A violinist who defied the Islamic State is now performing his music in Connecticut
Iraqi violinist and composer Ameen Mokdad became known as “the violinist who defied the Islamic State.” He composed music in Mosul, Iraq, when the region was under ISIS control and there was a crackdown on all music and art. Mokdad is now in Connecticut to perform a series of concerts with Cuatro Puntos, a nonprofit that works to uplift underrepresented musical voices. He spoke with Morning Edition’s Lori Mack about what music and freedom mean to him.
Lori Mack: Ameen, you were trapped for nearly two years during the occupation of Mosul, Iraq, by ISIS in 2014. During that time, you survived and resisted by composing music in secret. One composition is called “Fear.” What do you hear when you listen to that piece?
Ameen Mokdad: Well, it feels like yesterday. It’s a very weird feeling. The Iraqi Army just left everything, literally, in the streets: their clothes, their weapons, and surrendered the city to, the rumor said 200, only 200 ISIS members. So, fear was literally everywhere, giving a big city like Mosul to a very unknown destiny. And that unknown destiny stayed for three years. So very, very scary moments.
Mack: You had to play and compose your music in secret because you weren't allowed to publicly or privately play music. ISIS took musicians’ instruments and destroyed them. Why do you think music is perceived as being so dangerous?
Mokdad: It’s because their propaganda is to create people who really hate life, because this is one of their rules. In this case, they could really create a depressed army, and they could control them. If they asked anybody to go on suicide bomb or do any crazy things of theirs, they cannot really convince someone who loves life and connects to life. Music, from my own experience, it's a need, really. Everybody needs music to stay healthy. Like vitamins, you could survive without them, but you will never have a healthy life. So they banned [music]. And they banned all kinds of art because that’s what makes people healthy and love life.
Mack: What was the penalty if you were caught playing or performing music?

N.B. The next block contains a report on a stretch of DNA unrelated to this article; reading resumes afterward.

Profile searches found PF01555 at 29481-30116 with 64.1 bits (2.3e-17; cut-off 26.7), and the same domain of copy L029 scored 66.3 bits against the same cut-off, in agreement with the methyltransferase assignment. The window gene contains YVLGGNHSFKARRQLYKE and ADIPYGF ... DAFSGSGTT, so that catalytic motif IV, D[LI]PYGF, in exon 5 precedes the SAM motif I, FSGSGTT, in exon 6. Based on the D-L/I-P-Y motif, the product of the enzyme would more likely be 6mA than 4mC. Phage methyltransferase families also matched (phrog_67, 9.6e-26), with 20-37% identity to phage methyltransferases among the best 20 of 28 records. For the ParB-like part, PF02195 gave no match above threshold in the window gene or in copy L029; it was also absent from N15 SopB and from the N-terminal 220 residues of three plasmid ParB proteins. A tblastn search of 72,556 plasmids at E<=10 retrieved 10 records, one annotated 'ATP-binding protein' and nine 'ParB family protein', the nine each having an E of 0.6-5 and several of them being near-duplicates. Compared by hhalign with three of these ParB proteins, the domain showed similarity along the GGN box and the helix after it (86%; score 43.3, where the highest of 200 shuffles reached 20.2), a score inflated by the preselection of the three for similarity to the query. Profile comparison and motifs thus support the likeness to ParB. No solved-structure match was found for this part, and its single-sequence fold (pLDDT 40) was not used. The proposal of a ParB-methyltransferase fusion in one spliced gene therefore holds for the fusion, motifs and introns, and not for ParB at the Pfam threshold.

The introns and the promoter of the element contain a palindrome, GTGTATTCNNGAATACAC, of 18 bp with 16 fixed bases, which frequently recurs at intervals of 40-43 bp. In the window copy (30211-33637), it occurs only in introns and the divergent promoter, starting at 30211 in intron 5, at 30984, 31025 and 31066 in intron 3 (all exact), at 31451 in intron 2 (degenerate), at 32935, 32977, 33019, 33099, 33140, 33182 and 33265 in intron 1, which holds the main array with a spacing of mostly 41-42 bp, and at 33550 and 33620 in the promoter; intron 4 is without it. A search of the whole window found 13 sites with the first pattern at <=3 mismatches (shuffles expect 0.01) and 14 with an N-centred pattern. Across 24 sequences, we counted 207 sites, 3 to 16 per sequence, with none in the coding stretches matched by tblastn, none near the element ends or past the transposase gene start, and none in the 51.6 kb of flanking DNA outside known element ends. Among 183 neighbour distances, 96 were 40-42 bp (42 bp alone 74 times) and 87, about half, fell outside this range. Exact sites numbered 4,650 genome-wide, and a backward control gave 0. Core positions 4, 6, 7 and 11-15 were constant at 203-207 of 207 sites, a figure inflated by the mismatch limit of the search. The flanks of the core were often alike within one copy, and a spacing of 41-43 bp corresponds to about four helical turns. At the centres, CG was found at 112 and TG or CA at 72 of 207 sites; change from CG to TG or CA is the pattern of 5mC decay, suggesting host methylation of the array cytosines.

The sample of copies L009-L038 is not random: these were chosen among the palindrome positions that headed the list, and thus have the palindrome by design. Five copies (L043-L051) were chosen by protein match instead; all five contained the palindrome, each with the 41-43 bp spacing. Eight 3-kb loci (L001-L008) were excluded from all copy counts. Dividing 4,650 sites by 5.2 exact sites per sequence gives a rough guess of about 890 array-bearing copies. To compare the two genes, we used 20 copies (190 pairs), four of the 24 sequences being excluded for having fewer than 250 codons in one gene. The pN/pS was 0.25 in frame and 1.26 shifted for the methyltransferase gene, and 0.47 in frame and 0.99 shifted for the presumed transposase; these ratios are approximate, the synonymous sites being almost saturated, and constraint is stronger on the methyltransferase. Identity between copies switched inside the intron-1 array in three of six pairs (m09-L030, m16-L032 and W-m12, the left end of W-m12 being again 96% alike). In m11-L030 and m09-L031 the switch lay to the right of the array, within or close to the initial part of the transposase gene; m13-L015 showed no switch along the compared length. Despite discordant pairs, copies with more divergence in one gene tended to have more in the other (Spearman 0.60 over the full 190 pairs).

Mokdad: Well, there's lots of stories about that. Not only death, it will be a very cruel death. I was so lucky that that didn't happen.
Mack: Knowing the punishment if you were caught, what gave you the courage and strength to do this?
Mokdad: Well, I gained the courage, like I want to save the people by doing music just to prove that there is a civil life. There is art, there's beauty in that city.
Mack: At some point your home was raided and your instruments destroyed. What happened?
Mokdad: After one and a half years of composing and working and filming with a friend I have, they just found out about me. That there's something I'm hiding, then they thought I worked as a spy for the government. And they came literally in July 2016 and they had a big interview with me for three hours. They wanted to kill me right away, but they found out I'm not a spy. I'm a musician. And then after the conversation they found out ‘Oh, you have a curse inside. We cannot deal with you now until we get the devil out.’ So, being accused of being insane or crazy or being cursed by the devil saved me for a while, then I managed to hide for six months.
Mack: And thankfully, you were able to escape. Kevin Bishop, I want to turn to you for a minute. You are with Cuatro Puntos. Talk about how you met Ameen.
Bishop: Well, Ameen and I met in Turkey, when we were pretty much running away with the circus. We were both volunteering at a music school and circus school that had a music component to it in southeastern Turkey. And we ended up roommates. And we didn't sleep for about two weeks, because we spent all night with Ameen telling me these crazy stories, which seemed nearly unimaginable. So from that moment, we knew that we had to work together. And we've worked together for over five years now.
Mack: And you are really responsible for getting Ameen here, after a long process to get visa approval to come here to Connecticut.
Ameen, you’re traveling around the state for concerts, you’re visiting schools, what is your message?
Mokdad: My message, I would say, is that I only want to inspire people because it’s painful to talk about this story. Speaking about the truth, the real story behind all that because lots of people don’t really know what’s really happening and what did happen. So I feel responsible to be a messenger. So, I feel I’m blessed. And also I feel I’m responsible because I have the way to talk through music, through art.
Mack: So, Ameen, I want to ask you, what does freedom mean to you?
Mokdad: It is everything, really. That’s my star, my direction. Music is my freedom.
Mokdad is performing concerts with Cuatro Puntos from May 2 to June 16. He's also working with Ekklesia Contemporary Ballet, a dance company based in Middletown. You can learn more at cuatropuntos.org.
This story has been updated. This interview has been edited for clarity and length.